Demographic features of the cohort also served as predictors, with female gender being associated with more negative views on cannabis-related issues, as has been observed in previous research.5 Being a parent of dependent children was also associated with more negative attitudes towards cannabis and cannabis law change. One reason for this may be that that the onset of parenthood is associated with lower rates of cannabis use, which may in turn lead to more negative attitudes towards cannabis.19 Another important demographic variable was Māori ethnicity, where Māori cohort members had more positive views of cannabis/cannabis law reform than non-Maori. It could be argued that for Māori cohort members, both higher rates of cannabis use20 and greater risk of being arrested or convicted for a cannabis-related offence21 may have contributed to more positive attitudes towards cannabis law change in this group.

Approximately one in seven cohort members reported using cannabis for issues such as pain and nausea, with a large majority reporting that it helped to alleviate one or more of these complaints. Use of cannabis for pain relief and other medical purposes was also strongly associated with more positive attitudes regarding cannabis use. While it is unclear whether experience with the use of cannabis for medicinal purposes caused more positive attitudes towards use in general, there is evidence to suggest that developing more positive views on the medicinal benefits of cannabis also has a spillover effect on views of recreational use.8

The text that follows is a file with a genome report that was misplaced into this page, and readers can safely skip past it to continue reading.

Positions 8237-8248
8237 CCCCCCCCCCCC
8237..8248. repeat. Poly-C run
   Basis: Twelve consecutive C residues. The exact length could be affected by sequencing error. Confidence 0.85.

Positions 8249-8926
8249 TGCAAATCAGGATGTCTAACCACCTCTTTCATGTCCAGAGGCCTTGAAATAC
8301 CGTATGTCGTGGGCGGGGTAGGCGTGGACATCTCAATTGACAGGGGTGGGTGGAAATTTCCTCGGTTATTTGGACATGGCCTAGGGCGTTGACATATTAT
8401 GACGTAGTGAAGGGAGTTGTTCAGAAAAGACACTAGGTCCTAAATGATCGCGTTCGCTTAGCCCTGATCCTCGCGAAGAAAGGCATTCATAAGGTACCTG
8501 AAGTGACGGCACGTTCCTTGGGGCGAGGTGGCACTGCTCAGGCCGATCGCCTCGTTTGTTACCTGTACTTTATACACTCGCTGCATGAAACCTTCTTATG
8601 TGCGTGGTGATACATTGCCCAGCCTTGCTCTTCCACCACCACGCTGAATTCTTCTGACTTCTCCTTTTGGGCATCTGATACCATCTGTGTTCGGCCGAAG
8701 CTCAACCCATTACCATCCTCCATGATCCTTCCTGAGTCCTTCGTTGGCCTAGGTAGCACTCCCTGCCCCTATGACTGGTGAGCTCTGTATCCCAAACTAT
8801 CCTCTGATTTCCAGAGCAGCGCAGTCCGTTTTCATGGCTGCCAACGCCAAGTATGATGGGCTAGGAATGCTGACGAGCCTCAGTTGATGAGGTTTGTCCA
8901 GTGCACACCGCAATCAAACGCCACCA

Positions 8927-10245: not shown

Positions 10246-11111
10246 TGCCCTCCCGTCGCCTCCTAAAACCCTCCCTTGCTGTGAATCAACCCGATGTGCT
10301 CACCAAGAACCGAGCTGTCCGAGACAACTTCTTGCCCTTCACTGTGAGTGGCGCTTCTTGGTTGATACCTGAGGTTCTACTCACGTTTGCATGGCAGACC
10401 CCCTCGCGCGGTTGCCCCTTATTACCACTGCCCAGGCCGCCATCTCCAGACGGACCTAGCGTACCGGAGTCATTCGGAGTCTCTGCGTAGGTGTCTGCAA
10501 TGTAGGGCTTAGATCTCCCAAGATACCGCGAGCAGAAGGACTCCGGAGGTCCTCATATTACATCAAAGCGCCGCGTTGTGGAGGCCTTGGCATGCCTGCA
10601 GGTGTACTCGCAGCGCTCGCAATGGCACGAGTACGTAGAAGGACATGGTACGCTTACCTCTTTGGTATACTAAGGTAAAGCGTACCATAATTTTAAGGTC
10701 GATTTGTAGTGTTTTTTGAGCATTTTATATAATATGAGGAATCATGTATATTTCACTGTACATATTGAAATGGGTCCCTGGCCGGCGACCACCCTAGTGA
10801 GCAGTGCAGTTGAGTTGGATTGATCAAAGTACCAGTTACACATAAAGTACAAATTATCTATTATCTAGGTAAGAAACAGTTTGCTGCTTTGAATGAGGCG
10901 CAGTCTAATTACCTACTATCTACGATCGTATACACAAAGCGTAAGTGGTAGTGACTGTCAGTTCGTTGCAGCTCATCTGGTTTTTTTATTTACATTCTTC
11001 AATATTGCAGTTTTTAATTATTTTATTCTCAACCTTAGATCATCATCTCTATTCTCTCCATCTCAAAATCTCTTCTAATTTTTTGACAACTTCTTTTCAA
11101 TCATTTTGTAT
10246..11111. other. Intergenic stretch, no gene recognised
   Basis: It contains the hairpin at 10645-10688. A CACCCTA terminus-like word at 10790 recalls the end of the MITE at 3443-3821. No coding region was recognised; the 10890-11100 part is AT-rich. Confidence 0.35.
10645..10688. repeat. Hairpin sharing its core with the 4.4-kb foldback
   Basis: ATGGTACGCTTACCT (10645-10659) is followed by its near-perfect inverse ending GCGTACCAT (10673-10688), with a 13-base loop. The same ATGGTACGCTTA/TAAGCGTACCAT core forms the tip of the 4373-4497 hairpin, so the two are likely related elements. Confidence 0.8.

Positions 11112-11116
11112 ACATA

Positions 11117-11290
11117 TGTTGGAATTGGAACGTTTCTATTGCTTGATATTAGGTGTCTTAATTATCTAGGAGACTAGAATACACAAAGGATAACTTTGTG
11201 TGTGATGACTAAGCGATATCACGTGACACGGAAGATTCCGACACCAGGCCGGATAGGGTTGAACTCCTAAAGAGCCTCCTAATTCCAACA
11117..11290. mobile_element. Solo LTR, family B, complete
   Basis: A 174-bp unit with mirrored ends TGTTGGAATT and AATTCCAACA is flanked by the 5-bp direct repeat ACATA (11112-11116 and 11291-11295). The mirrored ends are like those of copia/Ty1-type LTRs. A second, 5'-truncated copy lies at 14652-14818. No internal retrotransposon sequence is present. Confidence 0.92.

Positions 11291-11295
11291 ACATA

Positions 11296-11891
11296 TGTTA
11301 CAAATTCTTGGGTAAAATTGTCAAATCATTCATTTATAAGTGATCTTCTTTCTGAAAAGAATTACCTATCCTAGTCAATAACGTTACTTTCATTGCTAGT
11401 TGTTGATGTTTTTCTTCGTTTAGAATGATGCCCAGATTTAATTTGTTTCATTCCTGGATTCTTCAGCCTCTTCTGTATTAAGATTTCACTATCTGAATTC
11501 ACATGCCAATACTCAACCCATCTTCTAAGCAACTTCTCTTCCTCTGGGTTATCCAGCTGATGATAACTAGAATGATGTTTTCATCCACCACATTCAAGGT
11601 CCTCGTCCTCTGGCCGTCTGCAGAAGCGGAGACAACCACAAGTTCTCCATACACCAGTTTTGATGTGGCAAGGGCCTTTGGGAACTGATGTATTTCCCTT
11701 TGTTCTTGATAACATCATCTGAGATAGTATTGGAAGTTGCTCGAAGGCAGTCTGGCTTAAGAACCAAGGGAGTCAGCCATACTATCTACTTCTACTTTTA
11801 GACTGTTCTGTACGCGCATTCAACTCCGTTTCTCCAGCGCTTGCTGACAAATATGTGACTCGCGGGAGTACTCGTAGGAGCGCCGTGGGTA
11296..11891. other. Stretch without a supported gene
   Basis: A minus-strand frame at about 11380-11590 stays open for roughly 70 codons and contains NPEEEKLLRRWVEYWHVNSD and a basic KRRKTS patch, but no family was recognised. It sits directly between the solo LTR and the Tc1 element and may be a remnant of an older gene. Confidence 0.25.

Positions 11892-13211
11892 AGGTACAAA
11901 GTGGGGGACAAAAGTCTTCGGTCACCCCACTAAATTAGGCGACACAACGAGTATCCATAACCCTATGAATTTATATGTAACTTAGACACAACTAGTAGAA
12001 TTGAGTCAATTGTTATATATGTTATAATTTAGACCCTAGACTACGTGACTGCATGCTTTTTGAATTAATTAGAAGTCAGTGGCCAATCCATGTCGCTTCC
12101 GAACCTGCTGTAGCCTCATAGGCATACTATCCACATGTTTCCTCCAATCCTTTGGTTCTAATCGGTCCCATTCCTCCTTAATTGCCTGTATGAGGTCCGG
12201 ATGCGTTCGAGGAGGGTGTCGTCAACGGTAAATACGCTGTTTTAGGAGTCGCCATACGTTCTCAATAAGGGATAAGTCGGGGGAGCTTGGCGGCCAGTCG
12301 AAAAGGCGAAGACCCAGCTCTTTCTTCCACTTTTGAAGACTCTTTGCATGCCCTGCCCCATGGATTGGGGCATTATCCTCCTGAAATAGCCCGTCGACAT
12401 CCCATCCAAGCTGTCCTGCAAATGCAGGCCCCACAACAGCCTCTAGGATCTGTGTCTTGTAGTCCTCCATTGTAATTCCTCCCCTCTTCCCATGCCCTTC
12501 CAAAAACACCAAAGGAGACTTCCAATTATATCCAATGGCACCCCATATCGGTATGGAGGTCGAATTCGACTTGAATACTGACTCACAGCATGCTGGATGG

The present study has a number of limitations. Firstly, all of the measures are self-reported and subject to the limitations of such assessments. Second, the age of the sample is particularly limited (all cohort members having been born over a four-month period in mid-1977), which limits the extent to which these data generalise to the wider population. In addition, the cohort is not representative of the Christchurch population as it is currently constituted, as well as New Zealand more generally. Fourth, the assessment of cannabis attitudes took place before the announcement of the 2020 Referendum. Further research should endeavour to compare the views of different generations, and to identify how younger generations may vote when permitted.

Summary

Abstract

Aim

Personal cannabis use is common across New Zealand, and an upcoming referendum will enable the public to vote on whether this should be legalised. The present research aimed to examine the attitudes of midlife New Zealand adults on cannabis use and legalisation, and to identify potential predictors of those attitudes.

Method

At age 40, 899 participants drawn from the Christchurch Health and Development Study were interviewed about the perceived harmfulness of cannabis use, opinions on legalisation for recreational use and supply, and the use of cannabis for medicinal purposes. In addition, a range of potential predictors of legislative attitudes were examined.

Results